Thursday, 22 March 2018

2018 Tassie Smiddy Challenge- Day 5

Orford to Hobart

Written by Mark ‘Sharky’ Smoothy

Blog Dedication

For two months now, someone very dear to me has been fighting the fight of her 85 year old life. To my Mum, I dedicate this blog to you. Not a minute of each day, over the past week, have I not been thinking of you. if I could harness the energy a Smiddy event generates and inject you with it, we would have you better within a day. I love you more than mere words could ever express.

Daily stats by Matty Muir Distance: 156 kilometresTime: 6 hours 10 minutesAverage speed: 25.2 km/hMaximum speed: 76 km/hMin temp: 5Max temp: 28Elevation: 2140 m

5 Day Totals
Distance: 724 kmRiding Time: 26 Hours 46 minutesClimbing: 8003 metres (more than the elevation of Mt Everest)

Road Kill Count By Natalie and Serge
1Visor, 1 Budgie,1 radio! 1 pair of sunnies, 1 tube, 1 dead car! 1 bollard, 1 turtle, 1 lizard.

Category Jerseys
Awarded to Stephen Russell of Russells and Brendan Whipps of Harcourts due to their recruiting prowess in encouraging other riders within their workplace and networks to be a part of Smiling for Smiddy. These two gentlemen have their heart in the right place and embody the Smiddy spirit and want to help us fund critical research.

Guest Speaker
Thank you Mark “Hollywood” Trayner for sharing with us your reasons for riding for Smiddy. Mark has lost many family members to cancer, including his father and stepfather and watched his mother go through a stage 4 breast cancer diagnosis. He continues to ride for them, raise valuable funds, and bring an incredible group of mates along.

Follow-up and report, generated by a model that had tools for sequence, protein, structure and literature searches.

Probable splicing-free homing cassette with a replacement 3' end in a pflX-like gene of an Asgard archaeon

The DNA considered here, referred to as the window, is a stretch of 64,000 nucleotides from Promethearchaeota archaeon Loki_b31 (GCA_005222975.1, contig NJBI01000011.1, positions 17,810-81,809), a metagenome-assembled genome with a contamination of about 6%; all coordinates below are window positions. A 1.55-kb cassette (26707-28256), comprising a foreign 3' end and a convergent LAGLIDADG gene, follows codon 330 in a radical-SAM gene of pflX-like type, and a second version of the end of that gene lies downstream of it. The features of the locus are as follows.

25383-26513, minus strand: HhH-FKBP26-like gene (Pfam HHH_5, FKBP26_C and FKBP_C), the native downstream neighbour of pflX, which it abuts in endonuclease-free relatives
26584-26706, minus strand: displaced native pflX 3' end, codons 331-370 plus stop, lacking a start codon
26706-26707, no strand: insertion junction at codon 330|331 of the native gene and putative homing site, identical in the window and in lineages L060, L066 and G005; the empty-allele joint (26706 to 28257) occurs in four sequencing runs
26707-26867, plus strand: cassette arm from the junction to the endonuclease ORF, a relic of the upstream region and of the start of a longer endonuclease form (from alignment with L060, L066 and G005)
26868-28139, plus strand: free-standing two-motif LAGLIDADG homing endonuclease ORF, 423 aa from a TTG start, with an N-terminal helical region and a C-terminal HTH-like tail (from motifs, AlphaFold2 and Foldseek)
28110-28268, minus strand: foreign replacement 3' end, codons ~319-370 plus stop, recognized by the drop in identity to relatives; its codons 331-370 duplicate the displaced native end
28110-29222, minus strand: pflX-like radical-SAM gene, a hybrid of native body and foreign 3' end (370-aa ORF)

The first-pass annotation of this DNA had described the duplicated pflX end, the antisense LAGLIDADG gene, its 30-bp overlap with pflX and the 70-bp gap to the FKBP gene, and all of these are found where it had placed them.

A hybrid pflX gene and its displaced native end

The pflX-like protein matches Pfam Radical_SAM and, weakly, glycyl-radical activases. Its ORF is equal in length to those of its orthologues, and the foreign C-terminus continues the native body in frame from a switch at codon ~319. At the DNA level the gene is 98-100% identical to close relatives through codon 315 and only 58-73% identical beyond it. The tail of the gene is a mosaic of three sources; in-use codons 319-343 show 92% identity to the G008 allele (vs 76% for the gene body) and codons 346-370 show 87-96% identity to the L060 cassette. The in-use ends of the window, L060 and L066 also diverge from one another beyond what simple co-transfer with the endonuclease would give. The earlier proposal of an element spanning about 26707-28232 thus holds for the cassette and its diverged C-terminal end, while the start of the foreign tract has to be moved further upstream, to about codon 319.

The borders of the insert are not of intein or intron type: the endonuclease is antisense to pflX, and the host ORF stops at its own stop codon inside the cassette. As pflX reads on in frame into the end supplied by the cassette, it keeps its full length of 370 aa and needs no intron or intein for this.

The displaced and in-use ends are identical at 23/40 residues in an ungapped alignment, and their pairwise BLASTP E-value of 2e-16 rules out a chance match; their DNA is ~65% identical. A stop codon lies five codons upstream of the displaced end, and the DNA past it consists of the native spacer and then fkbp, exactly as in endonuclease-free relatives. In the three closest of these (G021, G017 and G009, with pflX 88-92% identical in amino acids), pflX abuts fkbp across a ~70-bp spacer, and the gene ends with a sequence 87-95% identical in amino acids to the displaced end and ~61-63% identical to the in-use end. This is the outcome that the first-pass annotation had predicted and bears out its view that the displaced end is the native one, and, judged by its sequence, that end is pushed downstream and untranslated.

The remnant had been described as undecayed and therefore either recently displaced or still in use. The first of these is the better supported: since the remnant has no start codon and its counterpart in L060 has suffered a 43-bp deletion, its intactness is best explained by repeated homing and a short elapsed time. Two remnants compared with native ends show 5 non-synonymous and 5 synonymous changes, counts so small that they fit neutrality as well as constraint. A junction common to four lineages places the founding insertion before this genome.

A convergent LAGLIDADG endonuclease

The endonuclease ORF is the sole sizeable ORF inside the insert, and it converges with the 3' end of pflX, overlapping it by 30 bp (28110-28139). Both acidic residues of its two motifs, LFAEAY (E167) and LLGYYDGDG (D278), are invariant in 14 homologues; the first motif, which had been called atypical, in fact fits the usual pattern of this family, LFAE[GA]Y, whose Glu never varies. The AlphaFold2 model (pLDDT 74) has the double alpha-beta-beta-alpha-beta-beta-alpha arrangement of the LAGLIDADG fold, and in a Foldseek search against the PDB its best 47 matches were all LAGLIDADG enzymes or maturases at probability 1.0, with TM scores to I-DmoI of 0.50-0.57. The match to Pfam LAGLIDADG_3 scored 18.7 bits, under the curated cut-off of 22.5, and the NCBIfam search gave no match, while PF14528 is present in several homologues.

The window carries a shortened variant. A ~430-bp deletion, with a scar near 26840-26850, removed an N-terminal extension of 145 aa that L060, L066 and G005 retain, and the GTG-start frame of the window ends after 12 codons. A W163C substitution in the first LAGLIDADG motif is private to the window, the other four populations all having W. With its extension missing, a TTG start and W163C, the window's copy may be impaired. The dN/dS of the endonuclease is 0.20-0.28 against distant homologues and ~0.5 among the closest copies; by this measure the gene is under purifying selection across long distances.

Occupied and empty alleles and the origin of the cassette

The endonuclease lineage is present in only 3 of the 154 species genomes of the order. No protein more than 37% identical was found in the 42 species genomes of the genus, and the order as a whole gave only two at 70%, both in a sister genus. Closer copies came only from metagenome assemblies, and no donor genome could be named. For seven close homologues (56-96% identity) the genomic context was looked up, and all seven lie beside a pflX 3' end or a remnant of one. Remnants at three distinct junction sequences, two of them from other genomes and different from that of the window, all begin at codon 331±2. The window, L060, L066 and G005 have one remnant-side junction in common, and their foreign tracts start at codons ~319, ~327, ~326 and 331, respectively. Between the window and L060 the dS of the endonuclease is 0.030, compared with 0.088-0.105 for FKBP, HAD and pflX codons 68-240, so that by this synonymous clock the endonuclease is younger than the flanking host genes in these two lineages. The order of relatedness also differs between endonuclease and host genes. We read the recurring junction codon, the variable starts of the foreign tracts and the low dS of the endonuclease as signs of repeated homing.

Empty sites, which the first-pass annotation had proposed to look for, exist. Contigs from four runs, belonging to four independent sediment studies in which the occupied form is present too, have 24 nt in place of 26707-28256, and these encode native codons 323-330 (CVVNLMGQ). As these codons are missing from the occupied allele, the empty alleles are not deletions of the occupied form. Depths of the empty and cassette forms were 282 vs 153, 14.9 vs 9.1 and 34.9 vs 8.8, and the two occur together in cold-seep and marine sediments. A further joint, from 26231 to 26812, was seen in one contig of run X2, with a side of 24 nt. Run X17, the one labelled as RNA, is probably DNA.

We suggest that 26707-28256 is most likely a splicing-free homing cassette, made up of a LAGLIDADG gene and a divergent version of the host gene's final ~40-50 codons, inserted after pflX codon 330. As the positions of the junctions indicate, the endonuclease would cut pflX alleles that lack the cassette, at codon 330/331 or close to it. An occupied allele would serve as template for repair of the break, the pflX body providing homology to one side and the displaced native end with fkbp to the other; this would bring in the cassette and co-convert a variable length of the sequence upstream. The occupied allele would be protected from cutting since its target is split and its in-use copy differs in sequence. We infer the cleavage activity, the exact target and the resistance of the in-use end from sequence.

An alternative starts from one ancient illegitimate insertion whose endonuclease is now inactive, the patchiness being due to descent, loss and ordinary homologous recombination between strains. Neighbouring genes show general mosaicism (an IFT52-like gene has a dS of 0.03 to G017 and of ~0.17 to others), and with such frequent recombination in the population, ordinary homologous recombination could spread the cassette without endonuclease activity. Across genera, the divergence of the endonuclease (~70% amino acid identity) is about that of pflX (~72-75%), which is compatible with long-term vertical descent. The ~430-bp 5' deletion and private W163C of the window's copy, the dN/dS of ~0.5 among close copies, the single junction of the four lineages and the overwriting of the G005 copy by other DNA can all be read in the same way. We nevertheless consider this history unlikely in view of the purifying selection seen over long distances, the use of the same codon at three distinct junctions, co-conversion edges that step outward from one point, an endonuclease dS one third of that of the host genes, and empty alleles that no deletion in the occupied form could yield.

Summary of Today’s Ride
So onto our final day on the road and the rider peloton had in front of them a 156 km hilly day, with over 2000 meters of climbing with the highest point of the trip being 554 metres.

The mood within the peloton was of nervous anticipation, initially thanks to the course card showing we would be gradually climbing for the first 80 km, including a mammoth 9km climb at the 39km mark. Upon passing that 80km mental barrier, the graph suggested the hardest part of the day would be over thanks to the remaining 76 km descent getting us back down to sea level.

But would that be the case? Read on to find out.

This morning, Captain “Gnome” Kevvy chose Archie Tait for the final cowbell ringing of the Tassie Smiddy Challenge and we left the Eastcoaster Resort close on 7am.

That first 40 km section had all sorts of surprises, some short and steep sections that got up to 15% gradient, while a couple of the longer climbs were aptly named Break Me Neck and Bust My Balls Hill.

King and Queen of the Mountain
The main climb was actually at around about the 50 km point and a few of the guys decided to have a crack, oh, and one girl in Paula Fleming. Andrew Russell went very, very early and was left to dangle out front for a while, like a carrot before a horse. I decided to go along for the ride and see how long I lasted. It wasn’t long before Phil Hunter, Scott Carpenter, Phil Anderson and Paula pulled ahead, while the rest of the strong riders hung back to help push. A late charge came from Ricardo, who ended up crossing the top in equal first place with Scott Carpenter. Although the two Phil’s were there as well and possibly allowing them to win? Of course I had to find all this out later as I crested the top, due to getting dropped as I knew I would. Paula rode strong and crested First Lady and 5th overall. Awesome effort, Paula!

Let’s get our arses to Morning Tea